I’m no Franco-phile but JT is a tad over the top. However on the other hand, the Armée de Terre was overwhelmed in six weeks in a war they had 22 years to prepare for against a foe that had been effectively disarmed just 7 years before.

      1. I’m no Franco-phile but JT is a tad over the top.

        his bait/click headlines rival CNN.
        His lust for web traffic compromises the corpus of our scholarly contributions

        😉

      2. Napoleon instituted the practice of mass surveillance with his spying on the mails
        The French have a strong streak of authoritarianism
        it’s not always good nor bad, just a penchant for sticking together at the national level really
        this story is not a big deal i agree

  16. “This is why President Trump’s attacks on the press as “the enemy of the people” cannot go without condemnation from both sides of our political divide.”
    ************
    Would you agree that the attacks should only be condemned if they are false? What if we consider for a moment the historically manifested fact that any institutionalized power can be corrupt or corrupted. And if that same power attempts to subvert democracy by undermining — with lies, half-truths and innuendo — a duly elected leader and therefore the will of the people does that institution continue to enjoy the immunity conferred on it by the Constitution? Or has that historical protection, once premised on good faith and a notion of decentralized control no longer evident, become forfeit? Or put another way in so classic a form: Is the Bill of Rights a suicide pact?

    1. In the past 2 centuries the Bill of Rights has not caused the end of America. It won’t now, either. It hasn’t eroded our freedom for the past 2 centuries (in fact, the Bill of Rights is where we get most of our individual liberties).

      1. Andrea:

        Actually we get most of our rights from the “Laws of Nature and of Nature’s God,” not some time-worn parchment. At least that’s what Jefferson explained.

        And like any knowledgeable investor knows, “past performance is no guarantee of future results.”

        1. Mespo, funny, but humans have been on earth for several hundred thousand years and God and nature didn’t do a damn thing about our rights almost all that time, if ever.

          1. oh nature has always been with us and from it we come
            and nature is red of fang and claw
            rights come from organized force
            the press will find its “rights” curtailed if they keep on biting off more than they can chew
            their vaunted “rights” make them a class above other private citizens
            to that i object on “equal protection” grounds

          2. God gave humans their nature and free will. You need to take some personal responsibility for the security of those natural rights. Or perhaps you simply prefer a master to handle that heavy lifting for you. There are plenty of them willing to fill that void.

            1. Olly, are you saying slaves in America and Jews in Nazi Germany and untold others loving under tyranny across our long history on earth actually had rights of not for their own personal failings? Sounds like no rights at all to me.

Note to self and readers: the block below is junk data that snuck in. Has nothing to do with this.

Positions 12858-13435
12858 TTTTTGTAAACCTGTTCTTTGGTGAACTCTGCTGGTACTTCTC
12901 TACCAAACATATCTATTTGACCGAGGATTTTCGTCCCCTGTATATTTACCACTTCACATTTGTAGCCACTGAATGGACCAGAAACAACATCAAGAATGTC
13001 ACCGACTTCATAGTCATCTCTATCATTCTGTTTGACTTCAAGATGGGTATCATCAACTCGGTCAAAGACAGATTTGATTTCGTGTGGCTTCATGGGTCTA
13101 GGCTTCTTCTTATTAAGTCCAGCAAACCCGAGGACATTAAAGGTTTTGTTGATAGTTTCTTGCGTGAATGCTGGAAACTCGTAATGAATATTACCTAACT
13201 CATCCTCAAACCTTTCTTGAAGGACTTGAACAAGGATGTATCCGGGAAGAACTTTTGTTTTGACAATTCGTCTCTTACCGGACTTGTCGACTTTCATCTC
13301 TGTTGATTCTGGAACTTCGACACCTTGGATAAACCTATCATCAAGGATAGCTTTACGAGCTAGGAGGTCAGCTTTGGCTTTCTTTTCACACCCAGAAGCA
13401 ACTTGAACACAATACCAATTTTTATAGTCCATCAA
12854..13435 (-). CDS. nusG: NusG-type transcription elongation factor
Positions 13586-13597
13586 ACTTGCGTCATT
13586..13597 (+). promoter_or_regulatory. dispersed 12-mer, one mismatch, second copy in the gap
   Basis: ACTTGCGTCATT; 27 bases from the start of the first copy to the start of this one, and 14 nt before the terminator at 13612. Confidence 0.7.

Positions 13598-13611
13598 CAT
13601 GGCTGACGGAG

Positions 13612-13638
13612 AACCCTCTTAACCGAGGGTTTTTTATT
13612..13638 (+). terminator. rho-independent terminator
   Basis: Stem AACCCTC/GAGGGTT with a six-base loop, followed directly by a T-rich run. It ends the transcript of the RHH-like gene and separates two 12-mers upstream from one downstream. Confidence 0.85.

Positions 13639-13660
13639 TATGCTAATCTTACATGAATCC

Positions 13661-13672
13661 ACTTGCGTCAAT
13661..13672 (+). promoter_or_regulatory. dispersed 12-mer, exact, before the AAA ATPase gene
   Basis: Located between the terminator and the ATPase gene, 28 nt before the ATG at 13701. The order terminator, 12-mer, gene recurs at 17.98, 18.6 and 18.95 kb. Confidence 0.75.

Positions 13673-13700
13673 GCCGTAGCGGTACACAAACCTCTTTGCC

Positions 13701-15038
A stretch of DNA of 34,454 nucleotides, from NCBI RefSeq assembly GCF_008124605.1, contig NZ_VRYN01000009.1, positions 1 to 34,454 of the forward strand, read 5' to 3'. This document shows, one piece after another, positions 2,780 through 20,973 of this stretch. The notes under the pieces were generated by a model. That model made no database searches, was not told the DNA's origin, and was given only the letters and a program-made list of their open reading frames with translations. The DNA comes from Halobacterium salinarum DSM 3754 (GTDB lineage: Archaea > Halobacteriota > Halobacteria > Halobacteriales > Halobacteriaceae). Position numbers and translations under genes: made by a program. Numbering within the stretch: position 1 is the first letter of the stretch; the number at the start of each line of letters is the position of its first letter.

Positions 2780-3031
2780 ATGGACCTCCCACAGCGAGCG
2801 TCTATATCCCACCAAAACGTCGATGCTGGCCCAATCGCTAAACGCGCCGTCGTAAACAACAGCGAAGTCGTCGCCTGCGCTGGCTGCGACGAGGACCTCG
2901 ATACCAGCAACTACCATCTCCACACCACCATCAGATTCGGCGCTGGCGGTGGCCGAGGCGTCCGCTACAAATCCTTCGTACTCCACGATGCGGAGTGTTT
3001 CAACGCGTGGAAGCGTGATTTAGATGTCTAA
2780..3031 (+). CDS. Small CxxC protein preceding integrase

1. Absolutely. That’s what makes our DoI a document for all humanity. The people create government to secure those rights and they alter or to abolish it when they fail. If they lack the will to prevent the infringement of rights and/or a majority support the tyranny of the minority, then you effectively have no rights at all. That doesn’t mean they don’t exist. It just means it will take extreme action to secure them again. Venezuela is a great example.

        2. Who is Nature’s God?
          by David J. Voelker

          When in the course of human events, it becomes necessary for one people to dissolve the political bonds which have connected them with another, and to assume among the powers of the earth the separate and equal station to which the laws of nature and of nature’s God entitle them, a decent respect to the opinions of mankind requires that they should declare the causes which impel them to the separation.[1]
          In the “Declaration of Independence,” the founding document of what would become the United States, Thomas Jefferson mentions “nature’s God.” Unfortunately, this phrase is unclear. The religious beliefs of Jefferson were much debated in his time and still are over two centuries later. Through the letters and other writings of Jefferson, it is possible to construct an outline of his beliefs. Although he supported the moral teachings of Jesus, Jefferson believed in a creator similar to the God of deism. In the tradition of deism, Jefferson based his God on reason and rejected revealed religion.
          Jefferson’s parents reared him in the Episcopal Church. Although there is no known record of him being baptized, it is almost certain that an Anglican clergyman baptized him. Records show that both Thomas Jefferson and his father Peter were elected vestrymen. These positions, however, merely reflected the Jeffersons’ social status; they were both land-owning and educated men. The positions were given “with small regard to their personal convictions or even their way of life.”[2]